The overwhelming majority of Scottish football clubs remain in good financial health despite a growing north/south divide in the British game.
A new report has revealed that financial distress across the leading football clubs in Scotland is at a record low.
The analysis from finance experts Begbies Traynor showed fiscal woes peaked in 2011 at almost 10% of all clubs.
Analysing key indicators of business distress in the sector, the firm’s annual Football Distress Report found just one of the 42 clubs in the four divisions of Scottish football is currently in trouble.
The figures fly in the face of predictions of doom following Rangers fall from grace.
Rising attendances, up by over 13.5% in the Scottish Premier League, and by an average of 9% across all four divisions, have helped keep the clubs in rude health.
Ken Pattullo, who leads Begbies Traynor in Scotland, said: “To say that no clubs will fail in future isn’t possible, but what we can see is that despite the flatlining TV revenues that have barely risen in real terms in almost two decades, the game is in far better financial health than it was five years ago.
“The vast majority of clubs are financially fitter, they are managing their incomes better and are less likely to fail, but it isn’t a boom time for the clubs and they are very certainly the poor relation to those south of the border.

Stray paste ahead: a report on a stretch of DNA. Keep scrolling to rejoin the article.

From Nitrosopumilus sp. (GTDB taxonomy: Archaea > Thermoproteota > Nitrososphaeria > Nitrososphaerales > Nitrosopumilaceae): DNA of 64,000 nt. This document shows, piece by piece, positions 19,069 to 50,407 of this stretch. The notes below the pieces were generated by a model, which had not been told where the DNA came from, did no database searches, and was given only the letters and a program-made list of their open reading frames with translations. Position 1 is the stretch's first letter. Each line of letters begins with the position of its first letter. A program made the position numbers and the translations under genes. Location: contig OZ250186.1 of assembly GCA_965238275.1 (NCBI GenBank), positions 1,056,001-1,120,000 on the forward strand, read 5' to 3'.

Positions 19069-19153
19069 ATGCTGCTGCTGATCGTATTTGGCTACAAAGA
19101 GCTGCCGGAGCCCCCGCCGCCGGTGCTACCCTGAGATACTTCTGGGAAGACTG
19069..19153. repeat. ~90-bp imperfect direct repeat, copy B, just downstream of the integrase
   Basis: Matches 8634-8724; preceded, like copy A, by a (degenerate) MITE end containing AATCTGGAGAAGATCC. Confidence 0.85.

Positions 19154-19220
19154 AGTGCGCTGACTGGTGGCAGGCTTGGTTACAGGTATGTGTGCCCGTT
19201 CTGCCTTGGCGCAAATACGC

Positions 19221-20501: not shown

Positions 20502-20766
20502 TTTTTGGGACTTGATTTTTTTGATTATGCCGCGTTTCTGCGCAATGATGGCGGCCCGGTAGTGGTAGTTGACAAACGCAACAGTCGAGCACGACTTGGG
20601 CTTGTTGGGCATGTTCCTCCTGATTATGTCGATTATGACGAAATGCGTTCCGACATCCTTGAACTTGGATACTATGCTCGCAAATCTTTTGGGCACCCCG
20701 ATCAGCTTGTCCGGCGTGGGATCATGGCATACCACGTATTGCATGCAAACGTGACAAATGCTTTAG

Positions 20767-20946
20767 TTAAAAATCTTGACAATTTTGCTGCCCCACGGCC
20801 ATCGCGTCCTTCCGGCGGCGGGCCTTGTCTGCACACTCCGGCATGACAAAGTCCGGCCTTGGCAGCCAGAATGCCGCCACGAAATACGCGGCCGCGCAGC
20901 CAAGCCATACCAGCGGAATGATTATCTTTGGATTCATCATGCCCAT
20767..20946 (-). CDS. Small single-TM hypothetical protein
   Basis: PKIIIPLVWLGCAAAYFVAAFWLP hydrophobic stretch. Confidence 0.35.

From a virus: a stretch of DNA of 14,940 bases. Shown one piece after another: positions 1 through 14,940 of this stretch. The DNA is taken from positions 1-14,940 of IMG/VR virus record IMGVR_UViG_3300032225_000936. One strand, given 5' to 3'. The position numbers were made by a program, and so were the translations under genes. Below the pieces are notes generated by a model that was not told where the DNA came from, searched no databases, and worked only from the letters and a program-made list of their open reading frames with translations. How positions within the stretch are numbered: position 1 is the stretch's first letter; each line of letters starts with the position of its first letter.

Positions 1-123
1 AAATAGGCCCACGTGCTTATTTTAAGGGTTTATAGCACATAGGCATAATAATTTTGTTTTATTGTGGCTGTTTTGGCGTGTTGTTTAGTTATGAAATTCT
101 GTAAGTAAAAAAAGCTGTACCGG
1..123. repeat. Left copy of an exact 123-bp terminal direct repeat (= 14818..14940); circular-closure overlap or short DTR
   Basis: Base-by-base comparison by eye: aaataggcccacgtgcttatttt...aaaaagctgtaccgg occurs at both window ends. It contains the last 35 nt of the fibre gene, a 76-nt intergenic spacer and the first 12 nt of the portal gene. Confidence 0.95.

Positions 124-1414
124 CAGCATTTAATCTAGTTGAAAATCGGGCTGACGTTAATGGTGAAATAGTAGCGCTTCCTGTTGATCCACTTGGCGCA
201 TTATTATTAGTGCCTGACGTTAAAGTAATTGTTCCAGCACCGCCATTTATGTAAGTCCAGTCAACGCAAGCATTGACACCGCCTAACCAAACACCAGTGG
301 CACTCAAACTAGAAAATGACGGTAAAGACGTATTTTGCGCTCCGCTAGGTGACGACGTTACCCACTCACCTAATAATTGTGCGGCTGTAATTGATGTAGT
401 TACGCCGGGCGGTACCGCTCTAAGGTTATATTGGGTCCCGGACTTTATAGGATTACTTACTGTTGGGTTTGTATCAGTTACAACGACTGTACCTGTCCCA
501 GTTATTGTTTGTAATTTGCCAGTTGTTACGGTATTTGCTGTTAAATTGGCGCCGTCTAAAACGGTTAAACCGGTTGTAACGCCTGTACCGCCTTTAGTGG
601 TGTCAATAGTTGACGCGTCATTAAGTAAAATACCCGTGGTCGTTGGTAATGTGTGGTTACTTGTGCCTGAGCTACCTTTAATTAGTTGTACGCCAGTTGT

“Relegation, poor management and other financial factors could still bring other clubs into trouble, but it is far less likely now than it has ever been before, despite a growing gulf between the fortunes in English and Scottish football.”
According to the report, football distress levels peaked between 2010 and 2012 due to rising wages, falling gates and static television monies.
In England as well as Scotland, clubs burdened with debt were living beyond their means, and UEFA stepped in with the Financial Fair Play rules to govern spending by boards and safeguard clubs.
Mr Pattullo said: “The growth of our attendances particularly in the Premiership that saw the return of Hearts and its loyal fan base is welcome, but all the divisions saw an uplift which is really good news.
“South of the border, attendances are almost static, with just a 1% rise, but the TV payments in England that dwarf those in Scotland more than compensate.”